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'King Richard' Review: A Father's Plan To Beat Adversity Through Love And Dedication

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Nov. 29 2021, Published 9:13 a.m. ET

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One hour and 59 minutes into the film, Venus Williams (played by Saniyya Sidney) prepares to play at the 1994 Oakland’s Bank of the West Classic tennis tournament against the number one tennis player in the world and reigning US Open Champion, Arantxa Sanchez Vicario (Marcella Zacarías). Her silhouette approaches the camera with her signature white beads as the main focus of the scene. Richard Williams (Will Smith) watches her with compassionate eyes awaiting his plan to come to light. King Richard tells the story of the two top ranked tennis players in the world through the eyes of a patriarch determined to fight adversity with love and compassion at the core.

Will Smith Dominates Both In Front Of And Behind The Camera

The film opens up with Richard as he travels to various tennis clubs to find a professional coach for Venus and Serena. The tight tennis shorts, scruffy facial hair and Louisiana accent transforms Smith into Richard. He tells HBO, “I’ve done stories about people’s lives in the past and you realize there’s only one audience. It’s the family.” As the leading man and a producer, Smith did not want to attach himself to King Richard unless he got the family on board. Venus, Serena and their half sister Isha Price received executive producer credits. Their other half sister, Lyndrea Price, aided in the recreation of the 90s outfits each character wore. With their help, Smith humanized a man, “in the business of raising champions.”

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Aunjanue Ellis Epitomizes Motherhood

Aunjanue Ellis captivates in the role of Oracene “Brandy” Williams (now Price). As the girls’ mother, she takes on the voice of reason in the Williams household using a plethora of emotions. Whether she twitches her eye to display disagreement, sheds a tear to soften a scene or expresses warmth through her full faced smile, she moves anyone watching her. Ellis states, “What you see, in terms of a family on screen, was a reflection of what was actually really happening. When I was doing those scenes with them, there wasn't a lot of acting involved. It was just letting them be who they were.” Ellis illustrates Price’s everlasting support for her daughters as well as the driving force behind their greatness.

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Black Girls Women See Themselves Through Saniyya Sidney and Demi Singleton

Saniyya Sidney and Demi Singleton inspire as they portray Venus and Serena. They morphed into tennis prodigies for this role and illustrate the love the real sisters share. These budding powerhouses understood the root of Venus and Serena’s bond: nurture, care and support. Ellis tells HBO, “those girls fell in love with each other…they were sisters.” We don’t often see young dark-skinned actresses rocking their twists and beaded braids on screen. We’re inspired by the Williams sisters' story, but we’re also inspired by the actresses taking on pivotal and powerful roles. They light up the little Black girl in all of us.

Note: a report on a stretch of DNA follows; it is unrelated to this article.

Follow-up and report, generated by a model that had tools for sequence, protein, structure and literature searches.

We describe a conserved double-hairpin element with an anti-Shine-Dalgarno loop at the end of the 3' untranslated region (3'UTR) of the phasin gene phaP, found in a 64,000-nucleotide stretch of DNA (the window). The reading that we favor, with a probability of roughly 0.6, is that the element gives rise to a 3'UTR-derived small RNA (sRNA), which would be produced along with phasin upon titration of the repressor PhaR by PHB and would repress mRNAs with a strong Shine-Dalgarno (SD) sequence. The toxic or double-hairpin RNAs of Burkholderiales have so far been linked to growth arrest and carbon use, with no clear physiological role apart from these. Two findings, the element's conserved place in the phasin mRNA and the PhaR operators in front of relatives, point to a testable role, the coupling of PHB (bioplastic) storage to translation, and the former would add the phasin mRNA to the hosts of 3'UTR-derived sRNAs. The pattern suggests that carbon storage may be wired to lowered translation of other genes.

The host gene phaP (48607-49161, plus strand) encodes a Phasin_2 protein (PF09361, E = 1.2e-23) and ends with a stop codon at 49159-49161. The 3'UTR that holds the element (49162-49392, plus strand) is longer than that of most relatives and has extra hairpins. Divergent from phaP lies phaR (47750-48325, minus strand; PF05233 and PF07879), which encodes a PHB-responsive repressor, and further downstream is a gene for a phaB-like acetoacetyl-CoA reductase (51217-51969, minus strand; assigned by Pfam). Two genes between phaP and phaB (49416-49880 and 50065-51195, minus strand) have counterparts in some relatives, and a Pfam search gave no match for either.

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The Film Artistically Crafts The Environment Of 1980s Compton

The Williams family lived in Compton, California in the 1980s when police brutality and gang violence ran rampant. The family sits around the table reading an article about Venus’ success at the Juniors matches. As the girls rave about Venus with glee, the CNN coverage of the Rodney King beatings play in the background. We also see the family walk into tennis tournaments as the white families stare at them. King Richard juxtaposes Venus and Serena’s rise to the top with the racial undertones of the time, emphasizing the strength it takes to achieve the American Dream.

Richard And Brandy Filled Their Girls With Confidence

Some critics of the film saw King Richard as a movie that took away from Venus and Serena’s story. Telling the story from Richard’s point of view does not steal their spotlight, it gives us its source. It’s not just the reputable coaches, the long hours of training and unwavering dedication that made these women amazing players. It’s the love both Richard and Brandy consistently poured into the two of them, providing them the confidence to dominate a once all white sport. The story needs to be told through Richard’s eyes, we deserve to see the story of the ultimate Girl Dad.

I laughed, cried and screamed throughout the film as if the real Williams sisters grew into greats in front of me. A story of tenacity, humility and love at the center of it all, King Richard is a must see.

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By: Chinenye Onyeike

Chinenye Onyeike is an Associate Producer for The Daily Show podcasts and a Her Agenda Contributor. She also spends her time creating, hosting and producing her own podcast and brand, The Court.

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